Race

Why Ex-Offenders Are Vital In Mass Incarceration Discussions

Last month I went to the Brooklyn Book Festival and attended a panel discussion on mass incarceration.  The panel included many important voices on the topic, including Central Park Five’s Yusef Salaam, attorney James Forman, Pulitzer Prize-winning author Heather Thompson and Soros Justice Fellow Marlon Peterson.

Peterson spoke about his experience with incarceration in New York prisons and the lack of respect and rehabilitation incarcerated men and women receive by correctional officers and the larger criminal justice system.

“In prison, you don’t deserve dignity,” he said.  “They [correctional officers] do things to embarrass you.”

It is always important to include the voices of ex-offenders in this highly contested subject.  Much of the time, the discussion is dominated by lawyers, judges, academics, and correctional officials with very limited input from those who suffer the most from an unequal criminal justice system.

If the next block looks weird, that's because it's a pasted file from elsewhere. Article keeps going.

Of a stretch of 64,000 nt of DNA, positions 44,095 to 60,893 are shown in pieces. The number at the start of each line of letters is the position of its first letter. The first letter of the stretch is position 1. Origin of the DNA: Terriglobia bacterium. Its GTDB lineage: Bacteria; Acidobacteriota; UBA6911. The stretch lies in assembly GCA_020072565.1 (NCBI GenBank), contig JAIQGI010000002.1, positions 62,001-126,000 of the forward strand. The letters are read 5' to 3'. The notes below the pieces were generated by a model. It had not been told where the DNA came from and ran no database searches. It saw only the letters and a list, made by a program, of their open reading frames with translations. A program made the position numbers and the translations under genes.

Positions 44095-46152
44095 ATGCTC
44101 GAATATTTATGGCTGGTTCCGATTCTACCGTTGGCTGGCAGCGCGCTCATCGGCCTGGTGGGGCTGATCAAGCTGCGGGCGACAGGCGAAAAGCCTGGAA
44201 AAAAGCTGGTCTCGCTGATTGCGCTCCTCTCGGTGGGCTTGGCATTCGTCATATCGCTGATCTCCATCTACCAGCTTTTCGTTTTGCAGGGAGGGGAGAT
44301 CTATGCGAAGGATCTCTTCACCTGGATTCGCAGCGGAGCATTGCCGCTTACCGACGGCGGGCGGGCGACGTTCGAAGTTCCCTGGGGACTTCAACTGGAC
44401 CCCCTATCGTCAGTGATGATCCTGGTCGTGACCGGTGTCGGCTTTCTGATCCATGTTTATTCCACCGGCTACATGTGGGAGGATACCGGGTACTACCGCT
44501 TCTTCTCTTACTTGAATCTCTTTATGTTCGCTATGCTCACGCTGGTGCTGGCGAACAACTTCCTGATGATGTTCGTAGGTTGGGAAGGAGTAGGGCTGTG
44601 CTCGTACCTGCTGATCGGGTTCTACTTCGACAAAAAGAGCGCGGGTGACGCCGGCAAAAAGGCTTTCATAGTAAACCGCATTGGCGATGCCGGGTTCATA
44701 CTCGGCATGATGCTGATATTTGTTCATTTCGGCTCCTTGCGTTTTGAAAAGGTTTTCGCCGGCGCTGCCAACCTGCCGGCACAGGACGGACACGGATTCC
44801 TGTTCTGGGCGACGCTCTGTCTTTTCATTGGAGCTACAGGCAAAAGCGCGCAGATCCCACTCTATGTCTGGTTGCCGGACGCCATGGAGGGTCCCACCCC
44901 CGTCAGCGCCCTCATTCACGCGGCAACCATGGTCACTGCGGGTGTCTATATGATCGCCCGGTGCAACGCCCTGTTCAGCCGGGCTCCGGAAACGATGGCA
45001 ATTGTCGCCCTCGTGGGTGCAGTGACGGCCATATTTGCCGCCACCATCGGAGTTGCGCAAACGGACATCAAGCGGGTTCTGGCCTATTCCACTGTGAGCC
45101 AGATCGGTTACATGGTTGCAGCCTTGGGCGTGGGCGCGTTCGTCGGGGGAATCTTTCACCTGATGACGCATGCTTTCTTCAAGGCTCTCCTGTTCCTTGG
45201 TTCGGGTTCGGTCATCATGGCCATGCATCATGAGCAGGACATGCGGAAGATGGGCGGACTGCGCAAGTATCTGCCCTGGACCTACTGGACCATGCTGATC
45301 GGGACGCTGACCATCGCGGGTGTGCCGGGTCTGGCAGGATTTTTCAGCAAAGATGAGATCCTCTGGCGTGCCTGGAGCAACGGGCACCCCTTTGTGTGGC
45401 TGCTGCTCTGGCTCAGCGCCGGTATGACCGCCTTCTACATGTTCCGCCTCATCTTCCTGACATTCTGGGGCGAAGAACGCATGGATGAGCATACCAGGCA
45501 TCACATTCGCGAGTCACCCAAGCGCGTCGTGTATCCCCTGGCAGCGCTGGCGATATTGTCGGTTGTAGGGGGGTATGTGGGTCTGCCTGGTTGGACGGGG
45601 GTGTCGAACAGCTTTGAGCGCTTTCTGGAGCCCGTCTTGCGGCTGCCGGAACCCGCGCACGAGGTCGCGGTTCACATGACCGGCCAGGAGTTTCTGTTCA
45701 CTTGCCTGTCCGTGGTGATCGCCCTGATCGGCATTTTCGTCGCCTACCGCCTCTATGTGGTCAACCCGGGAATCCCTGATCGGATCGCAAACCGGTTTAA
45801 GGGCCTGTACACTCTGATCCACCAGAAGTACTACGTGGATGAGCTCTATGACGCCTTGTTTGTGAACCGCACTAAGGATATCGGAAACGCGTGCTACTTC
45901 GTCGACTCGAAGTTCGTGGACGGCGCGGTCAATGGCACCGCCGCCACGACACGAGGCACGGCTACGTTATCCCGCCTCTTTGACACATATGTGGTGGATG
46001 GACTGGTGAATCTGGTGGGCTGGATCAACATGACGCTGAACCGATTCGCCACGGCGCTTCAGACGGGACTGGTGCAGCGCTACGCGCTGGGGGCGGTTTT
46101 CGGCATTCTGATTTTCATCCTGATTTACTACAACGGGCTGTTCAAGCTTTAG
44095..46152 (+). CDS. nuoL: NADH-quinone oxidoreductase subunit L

I want to bring your attention to Peterson’s awesome and insightful podcast called Decarcerated, where he gives real talk about the struggles of being an ex-offender in America.

Microagressions, Explained

Questions concept

Last week I went to a workshop on race and identity in the workplace, and the topic of microaggressions came up.  Bias inside and outside the workplace is a very real thing today.  However, most of these acts will not be direct and in your face, like someone saying a racial slur.  Microaggressions are unintentional but continuously indirect remarks and acts against people of color.

For example, many white people always want to touch my hair or ask where I am really from.  No, you can touch my fair and, yes, I was born and raised in the United States.

Instead of me explaining what this is, this video does a better job of doing it.